National, News

Pitia cautions against excessive pressure on traders

By Bida Elly David


Trade Chamber cautions government against putting undue pressure on traders following a negotiated recent drop in fuel prices.

Central Equatoria State Chamber of Commerce chairperson, Robert Pitia raised concern after the Somali Community agreed to reduce fuel prices for a week.

In the Wednesday meeting with Nile Petroleum Corporation managing director, fuel dealers agreed on price decrease from 2,200 South Sudanese Pounds (SSP) to 2,000 SSP per litre, with immediate effect.

However, welcoming the decrease, Pitia expressed concerns about the sustainability of this measure due to the ongoing foreign exchange challenges.

He highlighted that the cost of transporting fuel from Kenya, which requires hard currency, significantly impacted the previous price increase.

“The ongoing inflation should be a lesson to the authorities,” Pitia warned.

“The government should understand that transportation costs from Kenya contributed to the price hike. Traders use hard currency to bring fuel into the country” he elaborated.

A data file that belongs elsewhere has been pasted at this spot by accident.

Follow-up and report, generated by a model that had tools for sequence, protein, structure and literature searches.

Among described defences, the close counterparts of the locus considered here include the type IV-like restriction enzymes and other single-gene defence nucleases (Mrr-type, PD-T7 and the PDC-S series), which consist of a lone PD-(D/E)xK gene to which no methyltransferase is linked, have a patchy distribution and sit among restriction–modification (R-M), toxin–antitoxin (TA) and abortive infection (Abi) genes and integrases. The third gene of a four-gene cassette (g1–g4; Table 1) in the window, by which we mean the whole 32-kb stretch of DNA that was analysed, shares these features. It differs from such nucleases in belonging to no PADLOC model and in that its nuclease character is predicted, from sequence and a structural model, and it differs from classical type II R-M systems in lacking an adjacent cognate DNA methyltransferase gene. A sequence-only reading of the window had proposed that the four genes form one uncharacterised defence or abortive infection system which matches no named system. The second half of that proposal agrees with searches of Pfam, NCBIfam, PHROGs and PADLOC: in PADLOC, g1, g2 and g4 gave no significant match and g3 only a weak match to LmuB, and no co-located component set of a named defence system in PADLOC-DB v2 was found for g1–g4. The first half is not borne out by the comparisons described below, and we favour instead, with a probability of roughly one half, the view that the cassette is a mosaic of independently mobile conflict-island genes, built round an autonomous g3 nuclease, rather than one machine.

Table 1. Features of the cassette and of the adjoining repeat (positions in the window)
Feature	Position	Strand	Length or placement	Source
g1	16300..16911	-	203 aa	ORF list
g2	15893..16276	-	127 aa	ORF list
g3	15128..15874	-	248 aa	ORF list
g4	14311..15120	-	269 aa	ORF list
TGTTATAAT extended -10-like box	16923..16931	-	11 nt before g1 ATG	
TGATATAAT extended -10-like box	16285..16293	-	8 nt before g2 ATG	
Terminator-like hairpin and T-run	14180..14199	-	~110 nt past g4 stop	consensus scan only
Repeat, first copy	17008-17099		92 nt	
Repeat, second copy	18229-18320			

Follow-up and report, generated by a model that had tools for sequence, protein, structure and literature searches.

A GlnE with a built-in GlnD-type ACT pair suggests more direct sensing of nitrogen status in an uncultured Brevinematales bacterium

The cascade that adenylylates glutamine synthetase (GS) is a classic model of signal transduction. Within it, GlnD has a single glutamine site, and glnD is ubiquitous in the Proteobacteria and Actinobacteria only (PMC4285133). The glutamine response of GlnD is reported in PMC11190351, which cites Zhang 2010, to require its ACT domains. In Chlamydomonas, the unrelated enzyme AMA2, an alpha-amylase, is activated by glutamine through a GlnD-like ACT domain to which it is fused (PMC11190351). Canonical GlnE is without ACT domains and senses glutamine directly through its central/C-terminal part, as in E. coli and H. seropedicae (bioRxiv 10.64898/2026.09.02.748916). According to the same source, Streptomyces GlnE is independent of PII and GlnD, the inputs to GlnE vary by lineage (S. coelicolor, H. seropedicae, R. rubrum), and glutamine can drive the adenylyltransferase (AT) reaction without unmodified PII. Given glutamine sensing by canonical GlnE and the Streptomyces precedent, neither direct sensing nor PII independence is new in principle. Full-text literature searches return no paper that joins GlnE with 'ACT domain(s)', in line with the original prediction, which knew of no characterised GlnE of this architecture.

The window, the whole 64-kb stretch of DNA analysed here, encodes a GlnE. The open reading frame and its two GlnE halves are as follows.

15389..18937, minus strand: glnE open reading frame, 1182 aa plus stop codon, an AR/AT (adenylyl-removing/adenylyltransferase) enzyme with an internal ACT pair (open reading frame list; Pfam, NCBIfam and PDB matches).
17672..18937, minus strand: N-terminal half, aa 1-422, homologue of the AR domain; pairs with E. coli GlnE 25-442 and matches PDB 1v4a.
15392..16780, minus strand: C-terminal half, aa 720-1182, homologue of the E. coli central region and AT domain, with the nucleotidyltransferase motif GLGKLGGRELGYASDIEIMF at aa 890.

Mr. Pitia emphasized the urgency of addressing the dollar exchange rate.

“The market situation will remain volatile as the one-week period given to the government nears its end. It seems the government is searching for solutions, but things remain unclear because the dollar remains high” he stated.

The state chamber of commerce chair warned of potential hyperinflation if the government fails to intervene after the one-week timeframe, citing the potential desperation of traders.

“We hope that within this week, there will be a positive impact, with a tentative reduction in commodity prices,” Pitia said.

He further argued, “Any inflation triggered by money speculation always affects ordinary citizens who struggle to afford basic necessities.

Pitia clarified the Chamber of Commerce’s role, stating, they represent traders in the private sector and it is up to the government to implement resolutions from our meetings.

“We at the Chamber of Commerce, both at the state and national levels, have been urging the government to intervene in controlling the dollar and centralize the market. However, they haven’t done so, allowing traders to set prices as they see fit. Therefore, this is no longer our problem,” he added.

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